Mark Cutifani and I meet in the strangest places. My first encounter with the CEO of Anglo American, one of the world’s biggest mining companies, came last September at a Vatican mining conference in Rome. He and other mining bosses were learning how to inject a bit more of the Holy Spirit into their digging activities.
The second time was two months later at a gold mine in Chelopech, Bulgaria, of all places. The little mine wasn’t Anglo’s. It belonged to Toronto’s Dundee Precious Metals and Mr. Cutifani was there to learn how the Canadians had reduced costs by some 50 per cent through a range of technologies, such as novel underground WiFi and data networks. “This is where the innovations are, in the small mines,” he said at the time, decrying the lack of technology in Anglo’s own mines.
The third meeting came in March, at Anglo’s headquarters in London, near Trafalgar Square, at the heart of what used to be world’s greatest empire. The location is appropriate. Anglo American was founded in 1917 by Sir Ernest Oppenheimer with £1-million ($1.85-million) in capital from British and American sources (hence the name Anglo American). Like Britain, it would establish outposts around the world. From its foundation in South Africa – home to its vast gold, platinum and diamond operations – it would expand into base metals in Canada, coal and manganese in Australia and iron ore, ferronickel and copper in Latin America. At one point, Anglo was the world’s mightiest mining company.
That’s no longer the case. It now has the dubious distinction of being the smallest of the Big Five global mining groups – the leaders are BHP Billiton, Vale, Rio Tinto and Glencore Xstrata – and did its best to alienate investors in recent years through massive cost overruns, uninspiring leadership, mediocre engineering and a labour dispute in its South African platinum mines which has yet to be resolved. In 2009, Xstrata (before its merger with Glencore) took pity and offered to buy the ailing company. Anglo’s then CEO, Cynthia Carroll, rejected the overture, vowing to restore the company’s fortunes.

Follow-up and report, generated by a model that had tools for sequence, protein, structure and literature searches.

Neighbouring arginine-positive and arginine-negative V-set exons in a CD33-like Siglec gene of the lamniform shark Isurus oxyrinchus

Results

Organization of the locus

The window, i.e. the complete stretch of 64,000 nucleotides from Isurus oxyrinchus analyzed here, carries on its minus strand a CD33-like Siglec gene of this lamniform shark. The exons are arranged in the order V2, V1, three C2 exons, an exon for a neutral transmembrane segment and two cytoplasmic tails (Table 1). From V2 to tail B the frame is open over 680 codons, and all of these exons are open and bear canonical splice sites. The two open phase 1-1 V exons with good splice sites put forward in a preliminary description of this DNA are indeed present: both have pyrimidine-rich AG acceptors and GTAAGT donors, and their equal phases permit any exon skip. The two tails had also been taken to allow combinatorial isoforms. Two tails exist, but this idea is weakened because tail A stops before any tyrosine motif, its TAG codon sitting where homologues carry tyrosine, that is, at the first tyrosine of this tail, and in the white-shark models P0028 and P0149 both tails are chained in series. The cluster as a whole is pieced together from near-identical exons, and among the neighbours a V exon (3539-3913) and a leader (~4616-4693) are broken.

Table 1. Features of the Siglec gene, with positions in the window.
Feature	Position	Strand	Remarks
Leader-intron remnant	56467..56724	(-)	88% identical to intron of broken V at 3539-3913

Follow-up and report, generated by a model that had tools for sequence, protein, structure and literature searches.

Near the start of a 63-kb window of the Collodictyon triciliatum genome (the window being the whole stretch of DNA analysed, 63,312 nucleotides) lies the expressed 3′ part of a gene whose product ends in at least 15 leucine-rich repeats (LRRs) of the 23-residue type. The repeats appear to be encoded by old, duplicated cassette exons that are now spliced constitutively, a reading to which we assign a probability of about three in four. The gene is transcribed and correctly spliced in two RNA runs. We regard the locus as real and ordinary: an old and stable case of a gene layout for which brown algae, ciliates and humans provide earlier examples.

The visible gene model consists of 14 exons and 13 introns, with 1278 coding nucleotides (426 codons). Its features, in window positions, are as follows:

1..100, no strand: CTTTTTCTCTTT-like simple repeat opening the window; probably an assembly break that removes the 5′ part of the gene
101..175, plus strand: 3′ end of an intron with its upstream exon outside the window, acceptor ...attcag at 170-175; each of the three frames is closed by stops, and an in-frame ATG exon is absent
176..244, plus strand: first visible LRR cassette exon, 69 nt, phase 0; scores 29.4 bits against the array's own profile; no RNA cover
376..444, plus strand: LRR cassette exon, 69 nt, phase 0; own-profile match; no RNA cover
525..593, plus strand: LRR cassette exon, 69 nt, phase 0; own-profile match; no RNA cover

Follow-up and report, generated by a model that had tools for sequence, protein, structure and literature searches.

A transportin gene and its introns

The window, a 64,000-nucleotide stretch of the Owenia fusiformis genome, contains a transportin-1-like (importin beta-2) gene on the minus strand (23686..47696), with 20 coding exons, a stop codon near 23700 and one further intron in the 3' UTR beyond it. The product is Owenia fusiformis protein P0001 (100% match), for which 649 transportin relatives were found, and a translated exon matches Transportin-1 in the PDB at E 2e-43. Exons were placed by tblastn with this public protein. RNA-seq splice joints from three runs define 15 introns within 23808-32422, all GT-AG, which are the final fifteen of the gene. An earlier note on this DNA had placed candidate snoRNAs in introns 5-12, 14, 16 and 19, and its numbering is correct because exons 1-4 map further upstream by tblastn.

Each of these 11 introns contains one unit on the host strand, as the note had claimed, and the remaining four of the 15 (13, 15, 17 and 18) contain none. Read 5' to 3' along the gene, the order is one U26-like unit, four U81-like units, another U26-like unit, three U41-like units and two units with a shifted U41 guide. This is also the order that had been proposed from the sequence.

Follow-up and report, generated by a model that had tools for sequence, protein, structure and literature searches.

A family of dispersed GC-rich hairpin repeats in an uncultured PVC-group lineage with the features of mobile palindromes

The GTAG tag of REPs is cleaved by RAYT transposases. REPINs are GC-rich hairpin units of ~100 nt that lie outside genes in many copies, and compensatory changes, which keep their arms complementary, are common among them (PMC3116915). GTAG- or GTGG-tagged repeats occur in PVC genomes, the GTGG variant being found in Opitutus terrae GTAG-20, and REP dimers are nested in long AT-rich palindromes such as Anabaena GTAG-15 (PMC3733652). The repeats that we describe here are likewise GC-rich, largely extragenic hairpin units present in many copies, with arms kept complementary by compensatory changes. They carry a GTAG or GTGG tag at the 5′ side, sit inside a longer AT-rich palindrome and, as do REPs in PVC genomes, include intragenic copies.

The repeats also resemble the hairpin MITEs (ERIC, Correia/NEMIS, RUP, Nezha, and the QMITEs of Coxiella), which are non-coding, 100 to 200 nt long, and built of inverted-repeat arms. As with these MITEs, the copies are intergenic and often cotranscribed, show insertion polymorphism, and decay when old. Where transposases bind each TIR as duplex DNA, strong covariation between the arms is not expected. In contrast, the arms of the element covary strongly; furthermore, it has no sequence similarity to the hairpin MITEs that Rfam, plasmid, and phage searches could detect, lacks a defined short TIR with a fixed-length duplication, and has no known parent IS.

The effort failed. As the shares tumbled, Ms. Carroll, who was the first female CEO in the company’s history, and the first outsider, resigned. In came another outsider, Mark Cutifani, an Australian by way of Sudbury, Ont., and South Africa, with a licence from the board of directors to shake up the place. That was a year ago. Today, the new focus is on boring but worthy pursuits, like capital discipline and shareholder value, not the fun but destructive activities like growth for the sake of growth. “We were forcing growth through the system and that’s partly how we got into trouble,” Mr. Cutifani says.
We are having breakfast in the dining room on the main floor of Anglo’s offices, just beyond the lobby, whose display cases are full of colourful minerals, old photos and curiosities such as a life-size lioness cast in silver-coloured alloy. Breakfast is, sadly, rather bland. When I worked in the mining camps in Ontario to fund my university years, we gorged on eggs, bacon and sausages for breakfast, and I had assumed the canteen at Anglo would serve up similarly robust fare. Instead, it was yogurt, toast and croissants. At least the coffee was in the mining spirit – it was bad.
Mr. Cutifani, 55, the father of seven children from two marriages, is a good talker, amiable and, like another mining Aussie, Rio Tinto CEO Sam Walsh, speaks his mind. Unlike the polished Mr. Walsh, Mr. Cutifani could be a miner from Central Casting. He is fairly short, but with a crew cut and a stocky build. He looks like he could thump a man half his age; he loves Led Zeppelin and is a sports nut who leans toward Aussie Rules football and other exertions near the more violent end of the athletic curve. He discovered winter sports when he worked for Vale Canada (formerly Inco) in Sudbury in the middle part of the last decade. “I love all sports,” he says. “My kids played hockey in Sudbury and we used to go see the Sudbury Wolves [hockey team] play.”
When we met in late March, he was limping slightly. The decades of hard sports had finally caught up with him and he underwent surgery on his left hip in January, though he expected to be running again in a couple of months.
Unlike many mining bosses, Mr. Cutifani knows mines from the bottom up. The son of working-class parents – an Italian father, who was a crane operator for most of his career, and an Irish mother, whose family worked in pubs – cruising through school without a job was not an option.